And if another piece of transformational news announced yesterday is any indication, Creighton is poised to move forward quickly. Fr. Hendrickson announced that with the generosity from CL and Rachel Werner, Creighton will soon begin construction of a new health sciences education building between Burt and Cuming streets in the northwest part of campus. The building will be known as the CL Werner Center for Health Sciences Education and will feature a centralized interdisciplinary simulation center and active group classrooms, bringing together medical, nursing, physician assistant, pharmacy, occupational therapy, physical therapy, behavioral health and other students to train and learn with — and from — each other.

“The building will become the new front door for the School of Medicine,” he said.

Additionally, Fr. Hendrickson reiterated his commitment to residence hall expansion, a next generation library and a new Jesuit community residence as other examples of our momentum.

Speaking of infrastructure, renewed financial optimism is also allowing Creighton to move forward on deferred building maintenance backlog – a topic surely on the minds of many especially with the return to campus. The University is looking at all options to address the backlog, including evaluating how it uses space effectively and efficiently, and thereby better identifying opportunities for utilization.

And finally, Fr. Hendrickson remains excited about the Phoenix expansion and the new health sciences campus. At 200,000-square-feet, the seven-story building sits along the Central Avenue light rail, and in a revitalized midtown district. In August, Creighton will open the doors to a full four-year medical school, a nursing school and all doctoral programs in the School of Pharmacy and Health Professions which – with a physician assistant program in queue – will enroll full cohorts in the next two to three years. Nine hundred new learners will embrace Creighton’s interprofessional pedagogy and the University’s Jesuit, Catholic mission of faith-informed service and justice.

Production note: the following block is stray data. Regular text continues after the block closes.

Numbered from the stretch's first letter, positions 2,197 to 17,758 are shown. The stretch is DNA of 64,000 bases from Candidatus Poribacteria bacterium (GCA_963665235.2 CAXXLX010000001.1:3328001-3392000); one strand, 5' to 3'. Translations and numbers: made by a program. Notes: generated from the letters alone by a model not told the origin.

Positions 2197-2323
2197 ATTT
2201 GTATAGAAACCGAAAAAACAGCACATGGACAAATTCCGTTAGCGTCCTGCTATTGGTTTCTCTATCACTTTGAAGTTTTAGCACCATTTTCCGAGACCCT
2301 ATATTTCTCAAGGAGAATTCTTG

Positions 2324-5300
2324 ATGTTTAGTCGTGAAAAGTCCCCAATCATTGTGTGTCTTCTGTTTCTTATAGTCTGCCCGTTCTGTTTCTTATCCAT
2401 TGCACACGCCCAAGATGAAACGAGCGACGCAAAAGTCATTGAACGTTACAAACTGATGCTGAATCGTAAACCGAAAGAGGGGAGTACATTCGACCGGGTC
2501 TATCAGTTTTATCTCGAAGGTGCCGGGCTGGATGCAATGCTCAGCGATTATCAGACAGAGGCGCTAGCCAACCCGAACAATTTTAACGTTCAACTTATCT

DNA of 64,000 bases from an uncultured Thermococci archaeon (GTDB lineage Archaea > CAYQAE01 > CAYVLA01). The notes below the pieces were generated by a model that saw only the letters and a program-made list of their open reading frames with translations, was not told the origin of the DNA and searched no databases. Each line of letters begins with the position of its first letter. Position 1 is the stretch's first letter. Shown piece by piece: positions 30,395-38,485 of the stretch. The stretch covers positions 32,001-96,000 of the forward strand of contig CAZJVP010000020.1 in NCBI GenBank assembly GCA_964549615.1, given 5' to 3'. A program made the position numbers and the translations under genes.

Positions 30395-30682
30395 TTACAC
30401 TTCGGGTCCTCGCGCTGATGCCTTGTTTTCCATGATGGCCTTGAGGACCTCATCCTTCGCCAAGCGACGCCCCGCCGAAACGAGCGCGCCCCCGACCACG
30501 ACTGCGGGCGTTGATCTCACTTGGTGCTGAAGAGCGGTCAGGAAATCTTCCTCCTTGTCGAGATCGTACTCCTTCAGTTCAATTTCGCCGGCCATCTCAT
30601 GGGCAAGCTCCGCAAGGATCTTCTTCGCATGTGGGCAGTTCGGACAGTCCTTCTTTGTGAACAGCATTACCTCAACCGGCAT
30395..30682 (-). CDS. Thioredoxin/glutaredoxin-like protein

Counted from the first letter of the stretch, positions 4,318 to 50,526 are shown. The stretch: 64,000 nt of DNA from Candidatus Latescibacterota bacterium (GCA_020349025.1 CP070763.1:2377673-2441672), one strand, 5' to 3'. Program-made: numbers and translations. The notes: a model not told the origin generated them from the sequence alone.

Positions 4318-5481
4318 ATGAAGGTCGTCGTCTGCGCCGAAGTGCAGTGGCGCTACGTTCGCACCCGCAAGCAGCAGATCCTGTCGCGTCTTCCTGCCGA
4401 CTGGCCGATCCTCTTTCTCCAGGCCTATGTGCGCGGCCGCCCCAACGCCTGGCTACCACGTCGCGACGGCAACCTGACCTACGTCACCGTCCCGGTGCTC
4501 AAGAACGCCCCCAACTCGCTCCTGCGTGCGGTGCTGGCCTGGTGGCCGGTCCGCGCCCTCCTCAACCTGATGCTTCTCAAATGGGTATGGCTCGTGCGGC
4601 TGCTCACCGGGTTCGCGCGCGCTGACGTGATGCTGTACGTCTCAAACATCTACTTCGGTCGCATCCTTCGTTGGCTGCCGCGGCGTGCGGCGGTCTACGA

Diversity and inclusion remain absolute priorities

2020 was no doubt an inflection point for diversity and inclusion, as Fr. Hendrickson described. And as Creighton continues to strive to be an anti-racist campus, there are several initiatives that Creighton has refocused its efforts on, including Omaha’s Transformation 2025.

“With the help of a diverse team from across the University, work is already underway on many of the objectives, and my office is establishing a better way to track our progress,” he said.

Moving forward with three areas of focus

Plenty more was covered during the address, and a replay of the event is available for campus constituents (Creighton login required). But in closing, Fr. Hendrickson encouraged staff and faculty to remember that it’s our ingenuity, inclusivity and Ignatian charism that remain the necessary tools on our pathway forward.

“The creativity, openness to others, and commitment to our Jesuit mission and identity of this year alone have been essential guideposts, and as we navigate the future, they will keep us fresh in mind, big-hearted and true,” he said. “I cannot understate the courage and commitment of the faculty and staff during what may be one of the most difficult chapters in our history. It is our faculty and staff who shoulder and negotiate these burdens, and it is with them that our mission continues. We move forward with what our world needs from us.”

View a recap of our colleagues who were recognized during the award’s portion of Tuesday’s Convocation.